By Charlestien Harris
Since the pandemic, more people are having to deal with debt collectors. Therefore, I thought it would be helpful to know what rights you have as a consumer and the law that was created to protect you from abusive debt practices.
In 1977, the Fair Debt Collection Practices Act (FDCPA) was established as a federal law that limits the behavior and actions of third-party debt collectors who are attempting to collect debts on behalf of another person or entity. The law, amended in 2010, restricts the means and methods by which collectors can contact debtors, as well as the time of day and number of times contact can be made.
If you feel overwhelmed because debt collectors keep calling for payment, you have more power than you realize. You just need to be aware of your rights and how to use them. The debt collection law gives consumers strong protections against predatory practices, such as calling you late at night, using harassing language and pursuing you for a debt you don’t owe. Exercising these rights can help you gain control of your dealings with debt collectors.
You control communication with debt collectors. You can limit when and how debt collectors contact you. They’re not allowed to call at any inconvenient time or place and can’t tell third parties about your debt. What this means is that debt collectors can’t contact you before 8 a.m. or after 9 p.m. nor can they contact you at work once you ask them not to. If you are represented by an attorney, they must communicate through your attorney and must cease contact entirely if you request it in writing.
Communicating with third parties, such as your employer, neighbors and family is also against the law. The other side to that caveat is once you request non communication from the debt collector, they are not obligated to serve notice when they seek legal action against you that can result in wage garnishment. So be very careful and make sure you want them to stop communicating with you completely.
The Fair Debt Collection Practices Act prohibits debt collectors from using any harassing or abusive practices while attempting to collect the debt. Along with other restrictions, debt collectors cannot use profane language, threaten or use violence, call repeatedly to annoy or harass you, call you to collect payment without identifying themselves as debt collectors nor can they list your debt for sale to the public.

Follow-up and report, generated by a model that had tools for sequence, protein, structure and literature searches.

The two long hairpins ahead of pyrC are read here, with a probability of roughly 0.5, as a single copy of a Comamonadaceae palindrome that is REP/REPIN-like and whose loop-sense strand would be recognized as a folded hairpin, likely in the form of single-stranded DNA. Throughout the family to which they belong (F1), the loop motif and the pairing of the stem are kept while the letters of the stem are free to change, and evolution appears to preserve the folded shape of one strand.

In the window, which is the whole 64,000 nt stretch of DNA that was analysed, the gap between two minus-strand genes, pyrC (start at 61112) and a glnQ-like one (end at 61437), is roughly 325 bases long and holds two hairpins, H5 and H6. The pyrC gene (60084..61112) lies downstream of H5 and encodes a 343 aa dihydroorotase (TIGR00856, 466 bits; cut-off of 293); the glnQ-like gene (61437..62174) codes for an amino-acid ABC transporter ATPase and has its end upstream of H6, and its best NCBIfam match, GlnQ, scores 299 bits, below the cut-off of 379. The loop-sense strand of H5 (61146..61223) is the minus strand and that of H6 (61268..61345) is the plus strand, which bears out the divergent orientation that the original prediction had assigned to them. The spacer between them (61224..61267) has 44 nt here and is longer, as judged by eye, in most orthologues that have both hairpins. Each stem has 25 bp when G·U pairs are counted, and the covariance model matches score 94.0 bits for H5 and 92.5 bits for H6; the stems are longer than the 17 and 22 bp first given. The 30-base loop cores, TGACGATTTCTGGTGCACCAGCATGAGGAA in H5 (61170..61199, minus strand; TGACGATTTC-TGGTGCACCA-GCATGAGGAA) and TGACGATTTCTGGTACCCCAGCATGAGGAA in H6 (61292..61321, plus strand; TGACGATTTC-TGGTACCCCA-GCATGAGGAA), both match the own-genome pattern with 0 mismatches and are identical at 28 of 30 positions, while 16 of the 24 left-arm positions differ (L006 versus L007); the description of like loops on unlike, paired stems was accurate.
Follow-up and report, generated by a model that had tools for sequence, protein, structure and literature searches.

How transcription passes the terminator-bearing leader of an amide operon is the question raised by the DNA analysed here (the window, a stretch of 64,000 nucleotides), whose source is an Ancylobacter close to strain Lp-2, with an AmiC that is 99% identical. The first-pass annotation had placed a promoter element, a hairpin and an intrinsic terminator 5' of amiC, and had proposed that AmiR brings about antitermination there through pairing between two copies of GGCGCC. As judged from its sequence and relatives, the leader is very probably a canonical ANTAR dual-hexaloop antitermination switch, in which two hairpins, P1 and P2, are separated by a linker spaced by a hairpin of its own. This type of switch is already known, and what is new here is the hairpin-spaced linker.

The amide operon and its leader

Debt collectors must be truthful. FDCPA states that debt collectors cannot use any false, deceptive or misleading representation to collect the debt. Along with other restrictions, debt collectors cannot misrepresent the amount of the debt and they can’t falsely threaten legal repercussions for not paying the debt.
Most states have statute of limitation laws that also govern how long a debt can be legally collected from a consumer. What Is the Statute of Limitations on debt you might ask? The statute of limitations prevents creditors from suing debtors after a certain period, but the debt remains on your credit report. All consumer debts, from credit card balances to medical bills, have limits on the number of years creditors have a legal right to sue you for payment.
Generally, the state law where you live determines the statute of limitations on specific debts, even if you incurred the debt elsewhere. In some states, the statute of limitations for credit card debt is three years. In others, it’s up to 10. Be sure to check your state’s statute of limitations law for clarity. After the statute of limitations on debt passes, the debt is considered time restricted and you can’t legally be sued — but collectors may still try. Your obligation to pay the debt stays on the books, meaning that future creditors will see it and that can make it harder for you to get new lines of credit, or can likely result in higher interest rates.
Determining if a debt is past its statute involves looking at what type of debt it is and what statutes are applicable. Contact your State Attorney General Consumer Protection Division for that information. If you’re sued for a debt after the statute of limitations, show up to court to defend your case with your proof that the time period has passed.
The Consumer Financial Protection Bureau and HUD Approved Counseling Agencies are two resources that are available to you for additional information. If you have other financial topics of interest please contact me at 662-624-5776 or by email at Charlestien.firstname.lastname@example.org. Until next week, stay financially fit!